I never set out to write mysteries, gay or otherwise. When I launched my career as an author, it was with short stories which were ultimately collected in a book that won a Lambda Literary Award.
But one of them, “Remind Me to Smile,” featured a couple of academics faced with a bizarre situation: Stefan has gotten an ex-lover of his a job in the English department that is his and Nick’s home. Nick is outraged, and then depressed when Stefan invites the ex to dinner.
The good ended happily and the bad unhappily, to quote Oscar Wilde. That was what this particular fiction meant, anyway.
My first editor at St. Martin’s Press, the legendary Michael Denneny, was very taken by the story, only he said the dinner guest should have been poisoned. And then a few years later, when I was wondering where I should take my career after a collection of short stories, a novel, and a study of Edith Wharton, Denneny said, “Nick and Stefan could be fabulous amateur detectives.”
That’s when the Nick Hoffman series was born. He and Stefan teach at the same school, are happily partnered, but the unexpected keeps intruding into their lives thanks to the murderous academics they work with. I’ve been writing it over the years because I loved the characters, and because the academic setting is so ripe for satire.
I was already a fan of mysteries before I started. I grew up in a household filled with Agatha Christie books, and once my book publishing career took off, I was invited to review for the Detroit Free Press. I read lots of crime fiction and that made me determined to avoid one thing: sleuths who don’t get changed by what happens to them. In far too many mysteries and thrillers, the protagonist discovers a body and then goes off for breakfast at a diner as if nothing’s happened.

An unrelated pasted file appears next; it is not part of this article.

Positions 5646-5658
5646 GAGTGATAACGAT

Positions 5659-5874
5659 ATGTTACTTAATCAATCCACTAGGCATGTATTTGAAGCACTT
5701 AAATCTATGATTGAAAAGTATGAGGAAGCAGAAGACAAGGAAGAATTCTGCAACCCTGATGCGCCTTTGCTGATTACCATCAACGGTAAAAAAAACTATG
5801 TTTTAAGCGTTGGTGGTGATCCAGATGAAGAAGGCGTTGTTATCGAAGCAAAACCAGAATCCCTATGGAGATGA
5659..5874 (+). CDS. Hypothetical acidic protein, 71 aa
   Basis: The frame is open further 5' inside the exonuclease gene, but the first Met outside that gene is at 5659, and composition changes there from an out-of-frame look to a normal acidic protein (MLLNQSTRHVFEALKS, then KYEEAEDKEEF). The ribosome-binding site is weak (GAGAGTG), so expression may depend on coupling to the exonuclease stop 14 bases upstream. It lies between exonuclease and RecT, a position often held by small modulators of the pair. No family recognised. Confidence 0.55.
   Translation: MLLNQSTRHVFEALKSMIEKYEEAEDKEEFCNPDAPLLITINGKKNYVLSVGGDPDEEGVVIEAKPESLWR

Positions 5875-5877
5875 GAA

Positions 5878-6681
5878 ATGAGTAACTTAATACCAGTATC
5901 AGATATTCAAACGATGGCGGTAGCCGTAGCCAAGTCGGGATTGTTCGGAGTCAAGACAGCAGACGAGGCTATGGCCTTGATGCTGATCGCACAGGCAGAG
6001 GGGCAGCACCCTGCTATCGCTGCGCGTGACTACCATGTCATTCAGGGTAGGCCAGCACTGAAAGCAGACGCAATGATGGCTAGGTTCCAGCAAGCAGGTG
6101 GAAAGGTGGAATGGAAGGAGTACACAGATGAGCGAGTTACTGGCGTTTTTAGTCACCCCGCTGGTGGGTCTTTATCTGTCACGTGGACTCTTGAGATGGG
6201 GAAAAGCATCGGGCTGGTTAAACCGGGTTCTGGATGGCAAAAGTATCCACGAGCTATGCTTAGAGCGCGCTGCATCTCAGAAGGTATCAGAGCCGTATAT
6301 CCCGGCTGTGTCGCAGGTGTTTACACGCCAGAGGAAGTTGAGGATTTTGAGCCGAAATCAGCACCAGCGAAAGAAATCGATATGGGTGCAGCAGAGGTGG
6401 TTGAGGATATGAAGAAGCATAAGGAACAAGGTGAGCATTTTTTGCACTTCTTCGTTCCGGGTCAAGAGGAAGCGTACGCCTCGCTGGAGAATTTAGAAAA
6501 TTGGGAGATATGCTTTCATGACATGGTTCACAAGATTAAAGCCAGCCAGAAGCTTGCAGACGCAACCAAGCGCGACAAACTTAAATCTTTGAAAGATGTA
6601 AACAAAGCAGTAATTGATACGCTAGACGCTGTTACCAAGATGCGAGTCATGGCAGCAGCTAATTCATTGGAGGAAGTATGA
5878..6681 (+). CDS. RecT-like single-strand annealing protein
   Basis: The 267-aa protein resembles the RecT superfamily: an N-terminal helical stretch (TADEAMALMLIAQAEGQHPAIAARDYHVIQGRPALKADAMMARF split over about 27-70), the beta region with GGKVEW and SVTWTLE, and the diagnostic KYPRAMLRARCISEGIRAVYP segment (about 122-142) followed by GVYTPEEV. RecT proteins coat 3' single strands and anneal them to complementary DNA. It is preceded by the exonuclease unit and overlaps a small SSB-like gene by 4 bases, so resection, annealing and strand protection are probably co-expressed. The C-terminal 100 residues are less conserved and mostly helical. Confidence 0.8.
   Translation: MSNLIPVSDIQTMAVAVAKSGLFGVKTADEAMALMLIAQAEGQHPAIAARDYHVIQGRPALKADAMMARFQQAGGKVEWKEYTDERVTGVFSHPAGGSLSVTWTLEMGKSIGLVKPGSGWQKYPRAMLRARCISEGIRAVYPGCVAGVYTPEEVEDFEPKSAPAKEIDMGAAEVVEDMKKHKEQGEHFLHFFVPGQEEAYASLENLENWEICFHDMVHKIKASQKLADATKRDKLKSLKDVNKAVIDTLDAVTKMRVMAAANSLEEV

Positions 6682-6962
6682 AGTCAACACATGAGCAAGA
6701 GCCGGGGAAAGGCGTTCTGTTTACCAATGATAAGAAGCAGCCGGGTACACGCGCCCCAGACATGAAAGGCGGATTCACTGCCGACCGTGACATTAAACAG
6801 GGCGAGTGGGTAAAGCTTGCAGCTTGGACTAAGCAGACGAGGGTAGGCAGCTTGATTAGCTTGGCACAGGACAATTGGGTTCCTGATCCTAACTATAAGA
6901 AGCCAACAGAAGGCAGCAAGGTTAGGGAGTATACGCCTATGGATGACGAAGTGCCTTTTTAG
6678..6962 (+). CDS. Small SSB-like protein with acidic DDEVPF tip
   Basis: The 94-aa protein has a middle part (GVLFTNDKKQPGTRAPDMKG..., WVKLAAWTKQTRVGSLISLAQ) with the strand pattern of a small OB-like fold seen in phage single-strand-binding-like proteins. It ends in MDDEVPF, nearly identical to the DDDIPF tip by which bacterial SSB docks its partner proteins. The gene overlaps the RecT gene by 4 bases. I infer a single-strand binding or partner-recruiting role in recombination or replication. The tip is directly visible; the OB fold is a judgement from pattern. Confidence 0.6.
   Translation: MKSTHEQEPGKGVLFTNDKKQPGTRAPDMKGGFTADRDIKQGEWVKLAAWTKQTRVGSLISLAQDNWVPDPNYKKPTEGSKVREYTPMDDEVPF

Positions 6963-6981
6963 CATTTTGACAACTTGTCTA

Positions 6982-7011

Years ago, when I first met Walter Mosley, we talked about ways to keep a series from becoming routine. He said his strategy was to take the series through historical changes, and see how they affected Easy Rawlins.
In the Nick Hoffman series, Nick ages and is definitely changed by the deaths he encounters. His relationship with Stefan develops, too. Depicting a loving gay couple over time, and under stress, has been one of the joys of this series. The world has changed a lot, too, since the series began in the 90s, so it’s been fun to chart those social changes in mysteries, which are good vehicles for social commentary.
Mystery writing has made me a better teacher, too, and I’ve been fortunate to teach mystery fiction in classes, workshops, and online. The series has more impact than I would have guessed, putting me on the map in ways I never expected. The New York Times Book Review took notice, especially relishing the academic milieu. That’s how a writing career goes: the unexpected is always your companion.
Lev Raphael’s latest mystery is State University of Murder, a story of homophobia, sexual assault, gun violence and much more. He teaches writing workshops and mentors writers online at writewithoutborders.com.